Conservation and Research in Action: The Big Pay-Off
More than a decade has passed since the regime change at the Pacaya-Samiria National Reserve and the resulting policy of co-management between local communities, conservation staff, and government. In that time, illegal poaching has decreased dramatically and, thanks to the hard work of Dr. Bodmer and his team, we know that wildlife populations in the reserve are on the rise.
Comparisons of data from 1995 to information collected by Bodmer’s team in 2005 show increases in a number of key wildlife populations, from monkeys to otters. Going back into the field for his second season with Earthwatch volunteers in 2007, Bodmer was pleased to report that two years later, populations were faring even better.
Among the animals thriving under the new conservation strategy was the woolly monkey.
“This is an excellent sign for the conservation efforts of the reserve,” said Bodmer, “since woolly monkeys are very vulnerable to humans, especially bushmeat hunting. Ten years ago there were very few woolly monkeys in this area and their populations have recovered significantly.”
But Bodmer is also realizing that good news for one population may be bad news for another.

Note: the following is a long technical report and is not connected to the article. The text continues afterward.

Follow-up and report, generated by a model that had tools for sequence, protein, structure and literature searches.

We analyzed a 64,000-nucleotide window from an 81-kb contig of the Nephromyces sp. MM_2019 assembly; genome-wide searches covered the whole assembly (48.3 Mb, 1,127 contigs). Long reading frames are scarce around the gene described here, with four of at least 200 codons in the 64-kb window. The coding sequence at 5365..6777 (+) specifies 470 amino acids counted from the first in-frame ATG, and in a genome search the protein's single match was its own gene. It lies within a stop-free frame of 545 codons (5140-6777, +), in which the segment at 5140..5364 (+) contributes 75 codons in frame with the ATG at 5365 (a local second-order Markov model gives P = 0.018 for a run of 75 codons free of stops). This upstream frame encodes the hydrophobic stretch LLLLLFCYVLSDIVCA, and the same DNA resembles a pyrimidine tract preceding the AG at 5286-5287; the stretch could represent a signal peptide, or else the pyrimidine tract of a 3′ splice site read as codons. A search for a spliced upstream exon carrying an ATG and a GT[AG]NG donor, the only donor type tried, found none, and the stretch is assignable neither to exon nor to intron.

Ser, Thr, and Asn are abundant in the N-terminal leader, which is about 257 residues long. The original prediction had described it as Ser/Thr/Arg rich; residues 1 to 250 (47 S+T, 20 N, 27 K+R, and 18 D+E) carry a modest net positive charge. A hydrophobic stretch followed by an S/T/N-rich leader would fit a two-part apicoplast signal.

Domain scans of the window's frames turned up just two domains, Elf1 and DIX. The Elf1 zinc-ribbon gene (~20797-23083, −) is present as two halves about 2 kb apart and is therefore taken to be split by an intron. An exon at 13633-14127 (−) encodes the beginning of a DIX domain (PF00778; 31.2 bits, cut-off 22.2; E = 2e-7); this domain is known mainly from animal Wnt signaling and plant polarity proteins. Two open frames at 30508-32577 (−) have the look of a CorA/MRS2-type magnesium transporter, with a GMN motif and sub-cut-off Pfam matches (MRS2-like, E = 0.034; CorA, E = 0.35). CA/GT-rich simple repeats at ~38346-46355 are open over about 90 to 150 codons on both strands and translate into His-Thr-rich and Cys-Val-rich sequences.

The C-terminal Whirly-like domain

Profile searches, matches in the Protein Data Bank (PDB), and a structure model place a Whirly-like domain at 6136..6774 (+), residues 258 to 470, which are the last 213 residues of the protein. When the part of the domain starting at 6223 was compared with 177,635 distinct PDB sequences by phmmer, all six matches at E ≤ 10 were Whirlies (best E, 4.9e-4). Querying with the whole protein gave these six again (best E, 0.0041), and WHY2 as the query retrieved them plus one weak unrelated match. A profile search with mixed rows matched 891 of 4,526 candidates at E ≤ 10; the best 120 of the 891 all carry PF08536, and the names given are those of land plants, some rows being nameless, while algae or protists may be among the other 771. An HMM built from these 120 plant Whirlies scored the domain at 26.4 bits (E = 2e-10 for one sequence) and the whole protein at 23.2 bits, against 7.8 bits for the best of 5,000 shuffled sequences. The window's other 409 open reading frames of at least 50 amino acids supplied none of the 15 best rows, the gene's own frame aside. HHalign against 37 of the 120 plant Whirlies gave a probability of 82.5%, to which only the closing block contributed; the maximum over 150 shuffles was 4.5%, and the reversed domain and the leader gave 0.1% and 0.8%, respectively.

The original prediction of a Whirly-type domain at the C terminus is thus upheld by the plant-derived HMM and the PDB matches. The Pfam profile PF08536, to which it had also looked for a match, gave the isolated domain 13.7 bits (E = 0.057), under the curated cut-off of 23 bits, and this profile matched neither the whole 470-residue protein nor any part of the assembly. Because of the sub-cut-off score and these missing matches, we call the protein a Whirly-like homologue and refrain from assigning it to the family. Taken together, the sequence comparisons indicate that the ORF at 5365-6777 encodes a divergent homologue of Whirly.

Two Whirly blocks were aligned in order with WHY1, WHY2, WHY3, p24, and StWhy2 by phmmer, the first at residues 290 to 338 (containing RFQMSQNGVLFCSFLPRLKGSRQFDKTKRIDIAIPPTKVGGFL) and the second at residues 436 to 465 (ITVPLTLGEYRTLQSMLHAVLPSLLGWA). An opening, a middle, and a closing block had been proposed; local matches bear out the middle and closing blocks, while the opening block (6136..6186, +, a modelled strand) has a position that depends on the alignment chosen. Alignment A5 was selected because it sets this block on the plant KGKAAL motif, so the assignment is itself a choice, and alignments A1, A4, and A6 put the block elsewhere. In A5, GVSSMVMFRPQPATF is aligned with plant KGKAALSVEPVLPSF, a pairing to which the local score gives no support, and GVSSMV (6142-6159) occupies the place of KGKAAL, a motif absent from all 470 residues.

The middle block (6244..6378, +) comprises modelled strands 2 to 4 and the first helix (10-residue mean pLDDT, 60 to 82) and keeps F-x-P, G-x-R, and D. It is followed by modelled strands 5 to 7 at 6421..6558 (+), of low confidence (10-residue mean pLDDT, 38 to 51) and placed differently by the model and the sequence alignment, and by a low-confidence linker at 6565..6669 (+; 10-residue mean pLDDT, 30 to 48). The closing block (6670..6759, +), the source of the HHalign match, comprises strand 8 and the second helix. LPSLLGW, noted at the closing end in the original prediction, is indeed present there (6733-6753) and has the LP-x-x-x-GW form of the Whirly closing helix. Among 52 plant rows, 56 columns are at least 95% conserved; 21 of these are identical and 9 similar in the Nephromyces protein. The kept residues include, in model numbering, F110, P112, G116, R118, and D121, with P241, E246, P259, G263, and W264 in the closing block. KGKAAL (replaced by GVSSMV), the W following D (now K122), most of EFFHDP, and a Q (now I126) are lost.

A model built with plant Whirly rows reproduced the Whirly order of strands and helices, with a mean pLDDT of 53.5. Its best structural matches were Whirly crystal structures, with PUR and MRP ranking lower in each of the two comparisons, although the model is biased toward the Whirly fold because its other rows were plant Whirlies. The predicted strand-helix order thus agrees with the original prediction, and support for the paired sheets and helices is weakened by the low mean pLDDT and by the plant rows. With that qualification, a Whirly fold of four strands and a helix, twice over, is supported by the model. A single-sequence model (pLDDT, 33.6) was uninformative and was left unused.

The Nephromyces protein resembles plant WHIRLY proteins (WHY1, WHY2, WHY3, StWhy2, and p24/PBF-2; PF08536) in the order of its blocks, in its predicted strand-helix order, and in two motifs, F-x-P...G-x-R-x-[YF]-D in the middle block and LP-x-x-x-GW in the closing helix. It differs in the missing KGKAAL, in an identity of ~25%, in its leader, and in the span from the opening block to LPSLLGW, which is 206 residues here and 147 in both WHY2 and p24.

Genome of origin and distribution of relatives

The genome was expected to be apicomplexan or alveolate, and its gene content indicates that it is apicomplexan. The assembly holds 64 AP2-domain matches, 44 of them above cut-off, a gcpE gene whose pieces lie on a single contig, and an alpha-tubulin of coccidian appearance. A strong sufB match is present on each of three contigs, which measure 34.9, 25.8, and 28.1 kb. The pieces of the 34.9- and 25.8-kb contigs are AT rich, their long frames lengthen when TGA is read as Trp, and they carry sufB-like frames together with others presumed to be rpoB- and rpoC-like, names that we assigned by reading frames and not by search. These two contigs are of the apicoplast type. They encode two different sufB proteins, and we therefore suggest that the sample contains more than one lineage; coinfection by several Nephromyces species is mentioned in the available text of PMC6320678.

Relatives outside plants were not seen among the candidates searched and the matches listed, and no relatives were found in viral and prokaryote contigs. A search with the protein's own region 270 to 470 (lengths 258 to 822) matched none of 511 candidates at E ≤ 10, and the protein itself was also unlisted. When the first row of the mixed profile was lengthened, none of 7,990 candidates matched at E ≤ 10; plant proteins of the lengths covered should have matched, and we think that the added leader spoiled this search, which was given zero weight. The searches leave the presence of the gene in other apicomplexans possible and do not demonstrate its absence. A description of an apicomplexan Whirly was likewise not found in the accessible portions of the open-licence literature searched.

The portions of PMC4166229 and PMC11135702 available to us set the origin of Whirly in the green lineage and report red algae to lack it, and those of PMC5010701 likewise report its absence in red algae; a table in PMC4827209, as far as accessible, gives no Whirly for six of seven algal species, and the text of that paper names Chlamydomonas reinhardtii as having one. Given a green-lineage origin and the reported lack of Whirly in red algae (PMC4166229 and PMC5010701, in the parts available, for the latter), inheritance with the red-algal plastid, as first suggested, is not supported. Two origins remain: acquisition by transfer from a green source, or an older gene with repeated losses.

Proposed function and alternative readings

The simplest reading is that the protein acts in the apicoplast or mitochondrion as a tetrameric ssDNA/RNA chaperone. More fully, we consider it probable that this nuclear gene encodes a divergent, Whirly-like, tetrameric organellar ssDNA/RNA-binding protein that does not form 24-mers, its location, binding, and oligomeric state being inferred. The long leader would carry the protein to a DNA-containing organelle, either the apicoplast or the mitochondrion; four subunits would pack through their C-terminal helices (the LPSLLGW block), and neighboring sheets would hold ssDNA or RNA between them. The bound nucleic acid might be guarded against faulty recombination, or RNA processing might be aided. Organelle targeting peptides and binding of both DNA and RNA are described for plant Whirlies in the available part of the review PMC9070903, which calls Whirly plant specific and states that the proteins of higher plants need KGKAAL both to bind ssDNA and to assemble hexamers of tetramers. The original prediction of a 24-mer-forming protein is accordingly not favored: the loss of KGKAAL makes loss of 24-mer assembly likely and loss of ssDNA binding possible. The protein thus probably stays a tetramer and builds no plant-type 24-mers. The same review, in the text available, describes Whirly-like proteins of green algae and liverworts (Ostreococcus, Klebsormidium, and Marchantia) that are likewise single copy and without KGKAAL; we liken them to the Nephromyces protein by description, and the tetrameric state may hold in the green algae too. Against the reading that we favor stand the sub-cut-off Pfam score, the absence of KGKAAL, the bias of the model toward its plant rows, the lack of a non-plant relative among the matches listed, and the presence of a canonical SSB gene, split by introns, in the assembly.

“The conservation actions of reducing hunting clearly are helping to increase the populations of large-bodied primates, but at the expense of small-bodied primates,” said Bodmer.
Other animals faring well compared to past years include the endangered Amazon manatee, the giant river otter, the pink river dolphin, various game bird species, the blue and gold macaw, the black caiman, and the red uakari monkey.
For some of these species, the population increase over just the past few years has been dramatic. Bodmer reports that while surveys in 2003 and 2004 recorded an average of only 1.5 manatees every two weeks, by 2006 the team was sighting eight individuals within the same timeframe.
“Both the manatee and the giant river otter are flagship species for the Pacaya-Samiria National Reserve,” said Bodmer. “While their numbers are still low, the increasing trends in the populations are very positive.”
Read a full report on the results of Bodmer's 2006 research season (pdf).
Volunteers and researchers measuring a caiman before releasing it back to the river. © Ian & Jenine Langrish.
Woolly monkey in the Pacaya-Samiria National Reserve. © Mark Bowler.
Fluke (tail-fin) of the famously pink Amazon River Dolphin, or Boto, as seen by a past Earthwatch Volunteer. © Mark Bowler.
Blue and gold macaws fly the Amazonian rainforest. © Mark Bowler.
Earthwatch Volunteers Join Bodmer and his Research Team aboard the Ayapua